No Surprises.

No one likes surprises at work. We want to make plans, execute against them, and meet or exceed our customers’ expectations. Nowhere is this more true than in retail. The pace of change is faster than ever. Mistakes can be more costly. With all this change and risk, the ability to execute without surprises is tantamount to success.

Over the years, Sophelle has helped hundreds of leading retailers on thousands of projects. On strategy, selection, implementation, and support projects our clients have delighted their customers. Not by surprising them, but by consistently meeting or exceeding expectations.

Exceeding expectations isn’t a surprise. It’s great execution. No Surprises

Sophelle works with leading global brands who count on us to deliver, day in and day out. No exceptions. No surprises. We first developed our No Surprises approach for internal operations. Before joining Sophelle, Eric Johnson, our COO, had worked in Research & Engineering with Exxon after the Valdez incident. One surprise threatened the fifth largest company in the world. Operational discipline was everything at Exxon. Eric became our Czar of No Surprises and has carried the mantle ever since.

During a meeting with one of our CIO clients, I explained the details of our approach. She asked a number of probing questions to make sure that it was real, and not just sales-speak. After hearing me out she said, “That’s what I want! I want to promise my business users No Surprises. How do we get started?”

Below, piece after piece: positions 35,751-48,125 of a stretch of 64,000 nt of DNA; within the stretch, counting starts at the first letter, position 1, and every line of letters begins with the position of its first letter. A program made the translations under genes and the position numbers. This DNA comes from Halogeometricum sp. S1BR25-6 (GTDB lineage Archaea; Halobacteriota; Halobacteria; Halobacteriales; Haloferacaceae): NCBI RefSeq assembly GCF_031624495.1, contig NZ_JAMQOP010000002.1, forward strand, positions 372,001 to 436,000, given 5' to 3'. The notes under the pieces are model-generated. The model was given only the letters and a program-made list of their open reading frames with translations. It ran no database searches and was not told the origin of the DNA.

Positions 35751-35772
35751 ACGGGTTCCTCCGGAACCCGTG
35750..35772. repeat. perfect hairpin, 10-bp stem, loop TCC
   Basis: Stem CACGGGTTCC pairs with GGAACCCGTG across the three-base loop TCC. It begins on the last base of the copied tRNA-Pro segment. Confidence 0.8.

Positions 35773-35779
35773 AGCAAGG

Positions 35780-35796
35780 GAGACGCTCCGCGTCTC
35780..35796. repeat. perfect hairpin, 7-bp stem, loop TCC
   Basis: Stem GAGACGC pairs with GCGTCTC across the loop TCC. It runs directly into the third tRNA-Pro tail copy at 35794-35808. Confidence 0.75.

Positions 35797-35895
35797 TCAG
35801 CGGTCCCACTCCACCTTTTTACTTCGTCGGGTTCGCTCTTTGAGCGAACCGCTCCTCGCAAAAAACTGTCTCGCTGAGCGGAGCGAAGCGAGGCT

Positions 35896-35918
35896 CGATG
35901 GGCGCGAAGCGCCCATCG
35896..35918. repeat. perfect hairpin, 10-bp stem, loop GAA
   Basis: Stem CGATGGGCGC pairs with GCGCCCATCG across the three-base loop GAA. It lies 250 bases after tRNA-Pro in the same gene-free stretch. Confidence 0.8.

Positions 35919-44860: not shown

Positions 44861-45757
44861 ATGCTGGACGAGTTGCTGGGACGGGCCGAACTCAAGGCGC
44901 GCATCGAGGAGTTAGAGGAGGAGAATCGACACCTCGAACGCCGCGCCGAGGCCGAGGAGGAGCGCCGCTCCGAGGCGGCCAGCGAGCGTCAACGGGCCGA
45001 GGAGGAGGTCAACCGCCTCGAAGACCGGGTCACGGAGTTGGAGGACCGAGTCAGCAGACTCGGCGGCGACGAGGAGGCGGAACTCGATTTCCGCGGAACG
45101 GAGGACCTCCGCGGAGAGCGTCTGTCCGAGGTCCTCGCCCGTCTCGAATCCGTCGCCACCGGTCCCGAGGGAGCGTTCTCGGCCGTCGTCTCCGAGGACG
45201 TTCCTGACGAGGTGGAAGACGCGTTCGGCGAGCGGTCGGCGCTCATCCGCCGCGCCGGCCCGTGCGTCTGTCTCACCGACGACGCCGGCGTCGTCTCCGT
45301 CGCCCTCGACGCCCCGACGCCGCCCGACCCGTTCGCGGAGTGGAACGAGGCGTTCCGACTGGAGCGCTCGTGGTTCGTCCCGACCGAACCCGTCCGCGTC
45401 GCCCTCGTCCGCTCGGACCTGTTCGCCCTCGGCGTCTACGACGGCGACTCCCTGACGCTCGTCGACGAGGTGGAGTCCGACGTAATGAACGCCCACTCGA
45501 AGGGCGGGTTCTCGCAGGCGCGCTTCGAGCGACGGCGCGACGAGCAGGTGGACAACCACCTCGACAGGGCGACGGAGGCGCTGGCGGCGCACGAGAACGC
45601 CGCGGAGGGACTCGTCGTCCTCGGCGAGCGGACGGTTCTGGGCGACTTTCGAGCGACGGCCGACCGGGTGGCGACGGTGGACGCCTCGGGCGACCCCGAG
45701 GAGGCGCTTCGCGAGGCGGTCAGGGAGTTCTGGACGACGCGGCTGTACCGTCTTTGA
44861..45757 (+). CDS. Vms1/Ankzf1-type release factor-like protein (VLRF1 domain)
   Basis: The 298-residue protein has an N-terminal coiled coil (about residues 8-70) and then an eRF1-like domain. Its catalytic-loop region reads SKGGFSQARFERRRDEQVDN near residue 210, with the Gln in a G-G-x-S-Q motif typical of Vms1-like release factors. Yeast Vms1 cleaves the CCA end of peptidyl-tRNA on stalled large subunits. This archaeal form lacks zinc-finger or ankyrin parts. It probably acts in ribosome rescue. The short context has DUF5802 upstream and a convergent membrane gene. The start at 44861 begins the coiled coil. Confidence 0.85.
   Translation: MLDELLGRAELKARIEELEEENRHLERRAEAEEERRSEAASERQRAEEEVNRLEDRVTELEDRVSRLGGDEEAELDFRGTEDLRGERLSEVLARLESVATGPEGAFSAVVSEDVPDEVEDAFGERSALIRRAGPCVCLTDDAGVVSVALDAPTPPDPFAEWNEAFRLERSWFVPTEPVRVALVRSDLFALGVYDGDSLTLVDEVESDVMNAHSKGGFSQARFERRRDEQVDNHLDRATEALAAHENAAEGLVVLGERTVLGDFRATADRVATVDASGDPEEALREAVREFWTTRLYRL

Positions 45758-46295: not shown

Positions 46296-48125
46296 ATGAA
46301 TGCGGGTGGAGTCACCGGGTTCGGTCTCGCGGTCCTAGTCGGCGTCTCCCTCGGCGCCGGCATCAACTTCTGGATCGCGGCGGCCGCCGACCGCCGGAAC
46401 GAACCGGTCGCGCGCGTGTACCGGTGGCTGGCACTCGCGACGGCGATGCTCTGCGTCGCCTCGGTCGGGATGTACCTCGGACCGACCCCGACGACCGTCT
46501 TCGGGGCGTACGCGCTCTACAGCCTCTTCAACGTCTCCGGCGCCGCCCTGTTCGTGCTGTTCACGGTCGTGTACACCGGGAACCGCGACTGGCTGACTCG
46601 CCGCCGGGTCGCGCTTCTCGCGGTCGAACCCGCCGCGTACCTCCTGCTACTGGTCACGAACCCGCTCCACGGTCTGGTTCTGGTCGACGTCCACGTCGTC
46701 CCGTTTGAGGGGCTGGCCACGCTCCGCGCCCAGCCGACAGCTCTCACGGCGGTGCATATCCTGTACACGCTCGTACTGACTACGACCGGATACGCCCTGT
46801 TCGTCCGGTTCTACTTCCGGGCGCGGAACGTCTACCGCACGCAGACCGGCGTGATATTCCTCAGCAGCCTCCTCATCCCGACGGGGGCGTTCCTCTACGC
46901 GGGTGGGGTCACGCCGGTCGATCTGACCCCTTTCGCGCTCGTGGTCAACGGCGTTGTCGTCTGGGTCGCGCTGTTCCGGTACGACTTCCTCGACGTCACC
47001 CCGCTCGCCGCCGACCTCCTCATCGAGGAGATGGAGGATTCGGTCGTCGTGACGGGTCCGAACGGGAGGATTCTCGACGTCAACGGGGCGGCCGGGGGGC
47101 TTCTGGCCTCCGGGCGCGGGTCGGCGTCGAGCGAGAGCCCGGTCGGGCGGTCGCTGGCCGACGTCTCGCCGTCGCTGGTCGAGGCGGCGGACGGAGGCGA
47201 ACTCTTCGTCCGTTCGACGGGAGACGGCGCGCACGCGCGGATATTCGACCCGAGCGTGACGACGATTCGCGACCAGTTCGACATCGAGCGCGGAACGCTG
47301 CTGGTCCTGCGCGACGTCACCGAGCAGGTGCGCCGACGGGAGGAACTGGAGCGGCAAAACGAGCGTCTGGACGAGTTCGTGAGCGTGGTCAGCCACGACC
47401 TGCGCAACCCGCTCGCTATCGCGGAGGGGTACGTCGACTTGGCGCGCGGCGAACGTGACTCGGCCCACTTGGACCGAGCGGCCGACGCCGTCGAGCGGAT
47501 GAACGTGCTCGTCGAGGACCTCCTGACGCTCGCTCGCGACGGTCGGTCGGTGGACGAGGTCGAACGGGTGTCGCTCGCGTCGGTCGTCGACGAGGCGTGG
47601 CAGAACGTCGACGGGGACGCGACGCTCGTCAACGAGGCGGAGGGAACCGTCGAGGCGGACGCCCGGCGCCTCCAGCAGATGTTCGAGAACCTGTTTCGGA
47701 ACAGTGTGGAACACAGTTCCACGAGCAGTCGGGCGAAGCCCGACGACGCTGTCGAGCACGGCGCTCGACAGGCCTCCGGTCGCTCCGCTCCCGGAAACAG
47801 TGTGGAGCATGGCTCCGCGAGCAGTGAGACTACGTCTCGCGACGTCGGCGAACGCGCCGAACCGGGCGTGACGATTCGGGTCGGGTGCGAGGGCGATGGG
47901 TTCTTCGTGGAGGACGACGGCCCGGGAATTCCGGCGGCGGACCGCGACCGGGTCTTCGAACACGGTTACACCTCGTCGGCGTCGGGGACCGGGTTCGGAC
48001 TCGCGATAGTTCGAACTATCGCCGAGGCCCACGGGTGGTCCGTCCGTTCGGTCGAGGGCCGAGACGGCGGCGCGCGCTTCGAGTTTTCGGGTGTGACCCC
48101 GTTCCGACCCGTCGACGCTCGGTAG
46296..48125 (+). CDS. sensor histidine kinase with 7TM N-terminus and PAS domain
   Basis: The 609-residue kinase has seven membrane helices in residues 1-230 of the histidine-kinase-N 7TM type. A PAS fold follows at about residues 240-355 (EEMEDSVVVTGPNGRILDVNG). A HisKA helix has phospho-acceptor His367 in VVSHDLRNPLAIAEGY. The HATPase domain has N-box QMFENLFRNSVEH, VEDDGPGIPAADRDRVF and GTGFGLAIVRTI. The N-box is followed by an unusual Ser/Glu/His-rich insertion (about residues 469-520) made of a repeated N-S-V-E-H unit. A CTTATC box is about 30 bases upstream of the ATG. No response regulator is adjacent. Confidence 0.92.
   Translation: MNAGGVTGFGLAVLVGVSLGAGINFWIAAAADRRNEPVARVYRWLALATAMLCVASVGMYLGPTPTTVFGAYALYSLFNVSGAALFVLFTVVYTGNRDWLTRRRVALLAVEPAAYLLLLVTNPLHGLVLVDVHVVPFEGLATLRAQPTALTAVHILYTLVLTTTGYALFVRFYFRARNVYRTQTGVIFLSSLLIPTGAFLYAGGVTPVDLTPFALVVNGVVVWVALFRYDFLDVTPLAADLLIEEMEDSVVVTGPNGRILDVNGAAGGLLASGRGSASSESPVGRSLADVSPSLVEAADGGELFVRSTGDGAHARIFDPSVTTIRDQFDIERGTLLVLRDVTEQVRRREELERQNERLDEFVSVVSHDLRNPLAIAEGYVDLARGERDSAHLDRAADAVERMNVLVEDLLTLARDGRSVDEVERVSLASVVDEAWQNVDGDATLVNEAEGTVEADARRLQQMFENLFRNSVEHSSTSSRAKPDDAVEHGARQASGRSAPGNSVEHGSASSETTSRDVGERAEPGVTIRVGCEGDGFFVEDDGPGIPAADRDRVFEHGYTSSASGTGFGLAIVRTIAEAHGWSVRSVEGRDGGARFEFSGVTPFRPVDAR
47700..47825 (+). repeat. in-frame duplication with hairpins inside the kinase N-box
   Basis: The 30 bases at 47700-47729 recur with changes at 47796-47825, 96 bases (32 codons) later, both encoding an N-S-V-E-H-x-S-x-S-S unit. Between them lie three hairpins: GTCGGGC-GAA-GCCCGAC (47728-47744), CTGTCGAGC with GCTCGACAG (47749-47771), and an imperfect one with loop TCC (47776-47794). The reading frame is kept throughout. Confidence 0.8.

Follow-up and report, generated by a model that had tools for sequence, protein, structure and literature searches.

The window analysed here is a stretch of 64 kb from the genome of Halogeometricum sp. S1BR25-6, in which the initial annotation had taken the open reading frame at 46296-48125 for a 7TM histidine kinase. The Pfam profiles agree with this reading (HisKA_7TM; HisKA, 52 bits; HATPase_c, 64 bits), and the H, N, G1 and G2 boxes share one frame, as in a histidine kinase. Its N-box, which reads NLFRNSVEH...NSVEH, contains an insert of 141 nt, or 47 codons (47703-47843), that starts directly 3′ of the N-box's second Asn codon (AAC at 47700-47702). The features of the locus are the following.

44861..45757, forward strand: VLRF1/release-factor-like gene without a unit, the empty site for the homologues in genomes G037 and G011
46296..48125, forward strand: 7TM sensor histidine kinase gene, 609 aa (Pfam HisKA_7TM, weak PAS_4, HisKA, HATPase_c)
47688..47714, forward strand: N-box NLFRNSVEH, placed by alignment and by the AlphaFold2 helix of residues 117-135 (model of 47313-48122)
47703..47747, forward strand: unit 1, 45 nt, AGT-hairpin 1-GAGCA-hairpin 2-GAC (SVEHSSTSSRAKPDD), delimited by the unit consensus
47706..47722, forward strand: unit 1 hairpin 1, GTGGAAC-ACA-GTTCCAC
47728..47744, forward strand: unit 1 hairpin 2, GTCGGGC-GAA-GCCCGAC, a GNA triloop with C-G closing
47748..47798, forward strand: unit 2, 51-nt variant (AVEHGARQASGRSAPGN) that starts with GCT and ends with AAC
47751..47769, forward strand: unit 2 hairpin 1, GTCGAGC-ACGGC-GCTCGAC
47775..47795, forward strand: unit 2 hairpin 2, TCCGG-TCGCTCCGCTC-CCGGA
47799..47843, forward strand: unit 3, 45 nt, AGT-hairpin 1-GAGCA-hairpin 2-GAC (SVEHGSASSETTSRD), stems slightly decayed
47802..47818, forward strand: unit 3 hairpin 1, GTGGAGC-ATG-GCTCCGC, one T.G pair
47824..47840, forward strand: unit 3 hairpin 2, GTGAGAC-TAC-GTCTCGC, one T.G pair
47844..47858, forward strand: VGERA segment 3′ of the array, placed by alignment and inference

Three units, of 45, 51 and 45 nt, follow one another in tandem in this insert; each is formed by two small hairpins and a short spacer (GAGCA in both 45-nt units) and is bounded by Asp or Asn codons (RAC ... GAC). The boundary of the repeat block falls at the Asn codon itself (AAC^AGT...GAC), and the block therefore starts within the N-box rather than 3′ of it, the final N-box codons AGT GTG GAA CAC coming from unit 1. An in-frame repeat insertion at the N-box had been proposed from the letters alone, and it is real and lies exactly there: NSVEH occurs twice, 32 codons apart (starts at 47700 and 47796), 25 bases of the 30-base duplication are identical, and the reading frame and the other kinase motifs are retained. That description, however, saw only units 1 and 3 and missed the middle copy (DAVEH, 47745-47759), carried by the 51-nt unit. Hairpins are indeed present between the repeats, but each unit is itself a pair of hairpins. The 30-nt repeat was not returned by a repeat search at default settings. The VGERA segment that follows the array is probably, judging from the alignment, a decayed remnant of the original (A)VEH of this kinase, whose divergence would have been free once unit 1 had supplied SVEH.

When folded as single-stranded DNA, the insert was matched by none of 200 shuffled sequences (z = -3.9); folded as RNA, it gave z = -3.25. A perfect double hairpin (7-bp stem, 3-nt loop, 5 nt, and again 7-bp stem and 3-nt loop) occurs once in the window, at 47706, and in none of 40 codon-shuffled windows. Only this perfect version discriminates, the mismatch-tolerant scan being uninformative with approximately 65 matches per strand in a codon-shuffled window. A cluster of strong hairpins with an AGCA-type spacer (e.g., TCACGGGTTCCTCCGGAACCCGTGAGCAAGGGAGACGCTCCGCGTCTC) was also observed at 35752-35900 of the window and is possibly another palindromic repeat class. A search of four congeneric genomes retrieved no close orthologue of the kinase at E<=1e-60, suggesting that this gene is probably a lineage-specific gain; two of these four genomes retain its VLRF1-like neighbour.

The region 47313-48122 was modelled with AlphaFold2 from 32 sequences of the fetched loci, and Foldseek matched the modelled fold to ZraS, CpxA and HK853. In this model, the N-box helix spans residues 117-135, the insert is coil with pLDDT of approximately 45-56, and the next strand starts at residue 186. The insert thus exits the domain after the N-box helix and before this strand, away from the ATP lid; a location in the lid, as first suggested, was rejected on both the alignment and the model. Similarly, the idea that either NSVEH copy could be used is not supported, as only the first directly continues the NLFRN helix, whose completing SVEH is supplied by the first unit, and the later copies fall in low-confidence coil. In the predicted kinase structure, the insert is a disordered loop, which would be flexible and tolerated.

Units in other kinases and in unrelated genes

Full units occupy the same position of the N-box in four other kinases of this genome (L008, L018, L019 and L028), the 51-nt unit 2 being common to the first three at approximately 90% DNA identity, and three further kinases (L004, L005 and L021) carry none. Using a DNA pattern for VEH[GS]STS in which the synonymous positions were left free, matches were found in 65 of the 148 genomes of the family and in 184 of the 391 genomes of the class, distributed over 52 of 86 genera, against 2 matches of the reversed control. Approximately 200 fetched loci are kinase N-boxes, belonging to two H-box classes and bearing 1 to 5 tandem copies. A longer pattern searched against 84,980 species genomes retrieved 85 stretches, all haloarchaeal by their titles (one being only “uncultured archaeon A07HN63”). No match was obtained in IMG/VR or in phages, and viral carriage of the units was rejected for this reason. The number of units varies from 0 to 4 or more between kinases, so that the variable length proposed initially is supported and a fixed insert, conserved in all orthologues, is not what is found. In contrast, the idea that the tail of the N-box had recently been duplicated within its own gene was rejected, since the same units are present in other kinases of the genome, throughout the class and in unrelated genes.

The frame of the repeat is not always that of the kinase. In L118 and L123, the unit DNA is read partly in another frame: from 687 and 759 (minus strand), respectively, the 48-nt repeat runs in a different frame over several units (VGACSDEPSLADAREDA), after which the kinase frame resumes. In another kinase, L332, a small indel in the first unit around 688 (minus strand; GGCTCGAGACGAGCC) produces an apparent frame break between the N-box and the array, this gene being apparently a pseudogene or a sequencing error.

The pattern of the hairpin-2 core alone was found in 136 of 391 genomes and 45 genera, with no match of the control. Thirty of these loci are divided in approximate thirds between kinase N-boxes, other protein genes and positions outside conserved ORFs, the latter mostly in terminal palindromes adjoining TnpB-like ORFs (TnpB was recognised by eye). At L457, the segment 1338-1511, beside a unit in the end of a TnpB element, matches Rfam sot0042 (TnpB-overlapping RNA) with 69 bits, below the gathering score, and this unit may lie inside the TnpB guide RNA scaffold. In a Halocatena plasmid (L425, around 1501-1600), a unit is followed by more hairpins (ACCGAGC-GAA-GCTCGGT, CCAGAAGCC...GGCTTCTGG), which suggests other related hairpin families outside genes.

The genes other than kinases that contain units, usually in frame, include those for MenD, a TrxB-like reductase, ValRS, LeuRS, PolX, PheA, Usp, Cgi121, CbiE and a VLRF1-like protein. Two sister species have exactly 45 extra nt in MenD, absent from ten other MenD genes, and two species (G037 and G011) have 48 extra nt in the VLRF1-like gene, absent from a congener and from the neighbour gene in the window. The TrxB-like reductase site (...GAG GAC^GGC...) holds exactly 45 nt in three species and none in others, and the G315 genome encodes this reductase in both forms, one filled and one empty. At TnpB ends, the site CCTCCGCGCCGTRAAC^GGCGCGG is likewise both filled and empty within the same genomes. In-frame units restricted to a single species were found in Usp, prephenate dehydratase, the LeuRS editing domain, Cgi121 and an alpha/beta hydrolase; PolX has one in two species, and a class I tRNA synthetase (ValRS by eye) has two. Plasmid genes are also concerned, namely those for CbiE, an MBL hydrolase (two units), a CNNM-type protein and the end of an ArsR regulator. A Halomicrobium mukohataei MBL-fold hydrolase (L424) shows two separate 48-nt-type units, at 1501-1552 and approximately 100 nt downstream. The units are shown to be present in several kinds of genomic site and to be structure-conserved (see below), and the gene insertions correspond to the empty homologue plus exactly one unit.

The truth was, we hadn’t thought of the approach as a service. (Boy, that seems dumb now.) We had no marketing material, just what we had used to communicate and execute with the internal Sophelle team.

Today, No Surprises is part of the Sophelle culture. It’s on the back of our business cards. It’s the most repeated phrase in the office. And it’s the foundation of every  project we run.

Sophelle’s No Surprises approach is built on three principles:
  • Shared expectations: Required to set proper direction. “Start with the end in mind” was Stephen Covey’s second habit.
  • Operational Discipline: Required to facilitate repeatable success. Success without discipline is luck.
  • Complete Transparency: Required to maintain trust and minimize the impact of inevitable events. Transparency is what prevents events from being surprises.

I’ll have more information and details in future posts. Please check back regularly and feel free to contact me if you have questions.

Contributed by Doug Weich